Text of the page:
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2023 News and Notes

Photograph by Margaret Smith

2023 TTSS News Archive

News Highlights from 2023

MINNESOTA: In this fascinating interview, learn how Carrol Henderson of the MN DNR Non Game Wildlife Program and many others restored trumpeter swans to the state! Watch now...

Published in Audubon, by author Jerry Emory. A conservation powerhouse and the subject of a new biography, Wright also changed how our national parks protect and manage wildlife. This wonderfully written article also has historic photos of trumpeter swans in the 1930s at what would become Red Rock Lakes National Wildlife Refuge, and Yellowstone National Park. This is a don't miss article! Read it now...

YUKON: Just in time for Yukon's largest swan celebration, A rare swan has been spotted at M’Clintock Bay for the second year in a row. As of April 13, 296 trumpeter swans had been counted, signalling an early season migration. Read the article...

ONTARIO: Harry Lumsden began with just a few eggs and over a four decade period brought the trumpeter swan back to a thriving population of over 2,500 in Ontario. This earned the retired biologist membership into the Order of Canada in 2004. Read the article...

BRITISH COLUMBIA: "t’s a bird! It’s a plane! It’s a swan that loves to follow float planes.

Nestled at Victoria’s Inner Harbour, there is a local celebrity that has caused headaches, laughs, and on several occasions hitched plane rides with Harbour Air, without ever paying for a ticket.

“Trumpeter swan. That crazy trumpeter swan,” said Jacques Sirois, birdwatcher and chair for the Friends of Victoria Harbour Migratory Bird Sanctuary.

The Swan — known as “Swanson” — seems to have grown an attraction to the airline company’s floatplanes. For the last few years, it has been known to follow the planes as they taxi in and out, and also fly alongside planes as they take off." Watch the videos...

IDAHO: "I spent Monday morning at Deer Parks Wildlife Management Area walking the cleared trails through the corn field and the “cover-crop” field watching hundreds of swans flying from the Snake River into the fields. A few were feeding, but most were loafing in the disced fields where they were safe from predators. I did not see large flocks of ducks because they came in later after I had left." Read more, see the photos

ONTARIO: Read the story of how trumpeter swans were restored to Ontario.

OHIO: Thinning ice was spotted in the article, see the photos

MONTANA: The Blackfoot Challenge began its successful trumpeter swan restoration program in 2005. This update includes the travels of some of those swans, including swans reported through Trumpeter Watch. Read more...

ILLINOIS: "A light and steady snow floated out of the chilled gray January sky onto the open waters along the Illinois-Indiana border. Hundreds of greater white-fronted geese and a small number of tundra and trumpeter swans here for at least part of the winter were resting and feeding.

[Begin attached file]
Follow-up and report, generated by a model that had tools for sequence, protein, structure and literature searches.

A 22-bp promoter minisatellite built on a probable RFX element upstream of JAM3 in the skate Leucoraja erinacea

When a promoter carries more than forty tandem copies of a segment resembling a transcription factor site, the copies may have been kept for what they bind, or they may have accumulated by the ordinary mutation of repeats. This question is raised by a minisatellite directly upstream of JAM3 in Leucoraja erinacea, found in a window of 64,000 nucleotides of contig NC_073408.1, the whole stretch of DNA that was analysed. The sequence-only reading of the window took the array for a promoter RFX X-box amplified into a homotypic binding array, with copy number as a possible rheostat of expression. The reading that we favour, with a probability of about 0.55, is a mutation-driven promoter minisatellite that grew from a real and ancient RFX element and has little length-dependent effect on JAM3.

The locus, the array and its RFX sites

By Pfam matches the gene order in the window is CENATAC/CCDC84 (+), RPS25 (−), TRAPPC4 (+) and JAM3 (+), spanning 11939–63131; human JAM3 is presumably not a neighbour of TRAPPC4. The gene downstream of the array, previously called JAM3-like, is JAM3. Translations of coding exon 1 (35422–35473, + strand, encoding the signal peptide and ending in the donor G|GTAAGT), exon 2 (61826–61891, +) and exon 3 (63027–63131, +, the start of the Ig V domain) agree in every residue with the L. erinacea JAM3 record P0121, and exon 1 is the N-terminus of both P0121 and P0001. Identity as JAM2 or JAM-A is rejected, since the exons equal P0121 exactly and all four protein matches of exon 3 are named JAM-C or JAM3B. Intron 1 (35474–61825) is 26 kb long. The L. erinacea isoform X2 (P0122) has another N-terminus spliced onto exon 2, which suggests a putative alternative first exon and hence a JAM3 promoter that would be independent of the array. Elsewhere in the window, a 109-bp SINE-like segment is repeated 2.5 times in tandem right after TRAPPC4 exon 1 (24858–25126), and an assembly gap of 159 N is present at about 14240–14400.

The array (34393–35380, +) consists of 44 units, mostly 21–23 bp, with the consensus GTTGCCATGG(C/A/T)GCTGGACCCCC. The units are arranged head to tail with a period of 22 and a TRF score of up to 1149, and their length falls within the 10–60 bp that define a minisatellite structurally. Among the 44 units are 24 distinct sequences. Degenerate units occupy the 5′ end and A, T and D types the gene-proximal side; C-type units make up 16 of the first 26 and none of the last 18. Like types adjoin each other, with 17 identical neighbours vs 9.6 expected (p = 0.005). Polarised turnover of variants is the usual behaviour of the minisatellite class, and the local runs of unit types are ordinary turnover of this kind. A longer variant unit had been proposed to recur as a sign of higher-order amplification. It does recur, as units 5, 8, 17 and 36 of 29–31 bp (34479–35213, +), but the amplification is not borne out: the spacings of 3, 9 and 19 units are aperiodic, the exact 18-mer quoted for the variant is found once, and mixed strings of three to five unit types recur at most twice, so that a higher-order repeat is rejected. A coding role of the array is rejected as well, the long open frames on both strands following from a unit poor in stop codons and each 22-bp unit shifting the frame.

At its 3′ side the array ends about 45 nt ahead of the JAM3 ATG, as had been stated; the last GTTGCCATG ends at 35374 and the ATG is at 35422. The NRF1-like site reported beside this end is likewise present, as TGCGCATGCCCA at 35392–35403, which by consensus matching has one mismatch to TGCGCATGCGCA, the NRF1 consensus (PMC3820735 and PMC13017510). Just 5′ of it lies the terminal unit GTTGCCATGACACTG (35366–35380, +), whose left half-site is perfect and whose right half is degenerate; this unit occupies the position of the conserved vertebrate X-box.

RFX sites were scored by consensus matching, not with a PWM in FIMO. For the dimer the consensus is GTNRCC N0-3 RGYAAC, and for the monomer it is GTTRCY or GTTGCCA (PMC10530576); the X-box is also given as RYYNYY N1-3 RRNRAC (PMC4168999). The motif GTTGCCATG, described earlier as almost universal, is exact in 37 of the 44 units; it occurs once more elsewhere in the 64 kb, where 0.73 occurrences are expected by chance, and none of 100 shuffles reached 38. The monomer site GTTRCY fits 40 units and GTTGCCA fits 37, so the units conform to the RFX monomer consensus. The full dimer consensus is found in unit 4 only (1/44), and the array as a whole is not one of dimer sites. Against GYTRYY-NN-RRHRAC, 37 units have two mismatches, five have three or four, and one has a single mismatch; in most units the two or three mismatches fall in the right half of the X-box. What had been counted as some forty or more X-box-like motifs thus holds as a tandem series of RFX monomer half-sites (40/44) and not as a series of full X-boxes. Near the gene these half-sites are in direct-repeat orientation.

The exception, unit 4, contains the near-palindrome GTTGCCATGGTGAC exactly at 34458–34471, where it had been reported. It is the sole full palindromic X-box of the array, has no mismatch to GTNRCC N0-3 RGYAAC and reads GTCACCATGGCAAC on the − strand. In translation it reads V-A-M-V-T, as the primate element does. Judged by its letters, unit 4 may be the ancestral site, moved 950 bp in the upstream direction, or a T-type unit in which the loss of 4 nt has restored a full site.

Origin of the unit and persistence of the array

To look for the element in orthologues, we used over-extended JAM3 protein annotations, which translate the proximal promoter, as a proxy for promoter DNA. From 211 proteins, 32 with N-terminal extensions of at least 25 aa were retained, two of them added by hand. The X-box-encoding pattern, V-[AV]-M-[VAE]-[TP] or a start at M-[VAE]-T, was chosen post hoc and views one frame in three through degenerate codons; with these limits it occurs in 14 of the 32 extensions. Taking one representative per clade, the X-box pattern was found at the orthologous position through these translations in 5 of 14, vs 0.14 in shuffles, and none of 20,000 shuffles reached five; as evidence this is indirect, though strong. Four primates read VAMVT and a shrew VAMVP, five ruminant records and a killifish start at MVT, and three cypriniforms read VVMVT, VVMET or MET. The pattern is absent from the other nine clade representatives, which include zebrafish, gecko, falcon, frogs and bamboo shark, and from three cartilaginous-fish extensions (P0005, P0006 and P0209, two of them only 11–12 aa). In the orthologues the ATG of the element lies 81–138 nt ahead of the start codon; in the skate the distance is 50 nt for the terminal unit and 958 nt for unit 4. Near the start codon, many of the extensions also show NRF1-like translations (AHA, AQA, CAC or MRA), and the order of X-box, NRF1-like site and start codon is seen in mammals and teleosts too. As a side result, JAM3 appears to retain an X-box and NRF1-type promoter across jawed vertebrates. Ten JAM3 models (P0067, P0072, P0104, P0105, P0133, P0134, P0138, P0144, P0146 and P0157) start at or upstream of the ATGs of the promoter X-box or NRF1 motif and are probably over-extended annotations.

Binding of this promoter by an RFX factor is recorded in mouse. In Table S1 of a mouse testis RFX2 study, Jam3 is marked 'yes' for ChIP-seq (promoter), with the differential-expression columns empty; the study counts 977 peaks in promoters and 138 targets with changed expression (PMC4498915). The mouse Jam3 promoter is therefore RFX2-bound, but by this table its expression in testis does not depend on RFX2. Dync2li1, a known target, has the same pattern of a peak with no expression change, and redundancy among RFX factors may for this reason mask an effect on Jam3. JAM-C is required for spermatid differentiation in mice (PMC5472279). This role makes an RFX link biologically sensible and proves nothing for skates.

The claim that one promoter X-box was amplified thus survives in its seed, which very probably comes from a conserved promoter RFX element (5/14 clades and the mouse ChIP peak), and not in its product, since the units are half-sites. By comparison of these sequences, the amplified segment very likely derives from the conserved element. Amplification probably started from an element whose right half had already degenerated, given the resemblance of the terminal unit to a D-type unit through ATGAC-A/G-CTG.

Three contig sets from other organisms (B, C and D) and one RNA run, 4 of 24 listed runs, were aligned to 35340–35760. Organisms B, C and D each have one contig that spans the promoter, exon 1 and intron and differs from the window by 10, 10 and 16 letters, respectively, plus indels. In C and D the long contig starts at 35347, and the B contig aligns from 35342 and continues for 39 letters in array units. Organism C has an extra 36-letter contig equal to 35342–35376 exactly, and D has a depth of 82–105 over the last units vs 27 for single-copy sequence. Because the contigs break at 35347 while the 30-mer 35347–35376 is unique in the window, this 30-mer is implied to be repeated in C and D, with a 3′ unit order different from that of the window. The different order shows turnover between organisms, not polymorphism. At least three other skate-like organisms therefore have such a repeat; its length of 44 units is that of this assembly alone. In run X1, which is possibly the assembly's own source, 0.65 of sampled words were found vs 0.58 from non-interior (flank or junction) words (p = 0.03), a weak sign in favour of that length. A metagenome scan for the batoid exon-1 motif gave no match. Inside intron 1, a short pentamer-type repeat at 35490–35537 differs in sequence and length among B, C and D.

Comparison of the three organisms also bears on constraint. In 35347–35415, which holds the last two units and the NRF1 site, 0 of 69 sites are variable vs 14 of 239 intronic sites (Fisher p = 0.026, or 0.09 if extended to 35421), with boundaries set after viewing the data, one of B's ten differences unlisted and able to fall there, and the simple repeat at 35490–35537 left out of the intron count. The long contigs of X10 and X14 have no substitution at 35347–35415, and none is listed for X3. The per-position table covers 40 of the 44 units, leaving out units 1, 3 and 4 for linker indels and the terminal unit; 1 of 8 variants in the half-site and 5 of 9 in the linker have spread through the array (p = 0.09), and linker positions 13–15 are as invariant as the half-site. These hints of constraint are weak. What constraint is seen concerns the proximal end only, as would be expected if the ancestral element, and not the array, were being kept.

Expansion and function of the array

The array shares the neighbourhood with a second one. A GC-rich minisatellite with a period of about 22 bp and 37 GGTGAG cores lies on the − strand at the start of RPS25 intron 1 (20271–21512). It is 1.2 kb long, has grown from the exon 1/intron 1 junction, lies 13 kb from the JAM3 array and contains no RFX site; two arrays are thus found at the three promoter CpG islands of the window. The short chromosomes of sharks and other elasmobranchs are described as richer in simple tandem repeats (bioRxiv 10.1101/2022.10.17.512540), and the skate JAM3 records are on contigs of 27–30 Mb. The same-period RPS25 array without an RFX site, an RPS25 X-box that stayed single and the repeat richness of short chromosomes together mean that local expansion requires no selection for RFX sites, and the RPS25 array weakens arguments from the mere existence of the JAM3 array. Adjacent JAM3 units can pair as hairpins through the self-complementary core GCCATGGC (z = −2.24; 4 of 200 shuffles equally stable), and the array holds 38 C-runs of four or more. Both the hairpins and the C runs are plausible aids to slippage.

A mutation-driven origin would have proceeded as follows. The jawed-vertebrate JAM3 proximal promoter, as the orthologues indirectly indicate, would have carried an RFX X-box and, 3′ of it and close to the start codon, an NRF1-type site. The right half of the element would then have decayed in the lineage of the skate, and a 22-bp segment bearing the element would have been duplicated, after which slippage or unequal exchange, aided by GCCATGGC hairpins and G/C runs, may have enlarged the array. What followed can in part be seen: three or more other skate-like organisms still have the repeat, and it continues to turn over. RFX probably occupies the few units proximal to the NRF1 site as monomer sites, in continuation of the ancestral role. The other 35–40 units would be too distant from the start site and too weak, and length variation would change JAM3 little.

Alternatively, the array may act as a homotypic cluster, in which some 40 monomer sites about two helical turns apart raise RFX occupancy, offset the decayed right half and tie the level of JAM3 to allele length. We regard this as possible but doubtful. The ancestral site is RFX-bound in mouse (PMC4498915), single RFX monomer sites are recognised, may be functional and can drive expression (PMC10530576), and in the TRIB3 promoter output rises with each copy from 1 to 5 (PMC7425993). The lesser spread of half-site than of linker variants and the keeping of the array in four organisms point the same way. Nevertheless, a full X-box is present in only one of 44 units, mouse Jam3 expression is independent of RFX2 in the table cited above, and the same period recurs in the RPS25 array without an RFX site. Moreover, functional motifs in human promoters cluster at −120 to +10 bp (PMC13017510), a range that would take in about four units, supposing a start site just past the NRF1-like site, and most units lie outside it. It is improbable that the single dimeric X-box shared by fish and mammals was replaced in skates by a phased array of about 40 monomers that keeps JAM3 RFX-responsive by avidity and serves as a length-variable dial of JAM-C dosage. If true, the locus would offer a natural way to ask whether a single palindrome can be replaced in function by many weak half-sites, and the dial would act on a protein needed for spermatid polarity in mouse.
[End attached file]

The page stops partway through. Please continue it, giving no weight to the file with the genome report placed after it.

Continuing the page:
The flooded, unfrozen fields of corn stubble at the Willow Slough Fishing & Wildlife Area in Newton County in Indiana offer a perfect resting area for these wintering waterfowl waiting for spring. A family of trumpeter swans, two adults, and three first winter birds feeding nearby were beautiful subjects on such a dream-like morning." Read more and see the photo

WASHINGTON: Photographer Michael Lowell visited the Snohomish Valley Friday and spotted a large group of trumpeter swans resting before restating their migration journey. See his beautiful photos

BRITISH COLUMBIA: "There’s something magical about swans; the birds have captured the hearts and imaginations of people for hundreds of years and they have been the subject of many photographers in the Okanagan and Shuswap.

Norman Dick, a wildlife photographer, stumbled across some swans in Tsútswecw Provincial Park in the Shuswap...The snow-white birds aren’t just beautiful to look at — the Trumpeter Swan Society says they are a sign of a healthy wetland." Read the article...

BRITISH COLUMBIA: " A photographer in the Shuswap braved the winter weather to capture photos of Trumpeter swans playing on the Adams River earlier this week.

Sicamous man Norman Dick headed out to the Tsu’tswecw Provincial Park with his camera on Jan. 2.

“It was a nice day, minus 1 degree celsius,” he said. “I have captured a lot of eagles in the area but this was the first time I saw swans. I was excited.”

Dick followed a trail he didn’t normally take, then made his way through the brush to find a spot, and a lot of swans, on the Adams River.

“When I photograph in areas where birds are used to humans they don’t notice me but when the swans saw me their heads all popped up,” Dick said. “I knelt down quietly for ten minutes at a time, inching closer until I lay on my belly on the snow for an hour taking photos and just enjoying watching the birds.” Read the article, see the photos

ARKANSAS: "MAGNESS LAKE — The winter swan dives at Magness Lake are not performed by daredevil humans braving the chilly waters. The maneuvers, as much a dip as a dive, are a feeding technique employed by Arkansas' most gorgeous seasonal visitors." Read more...

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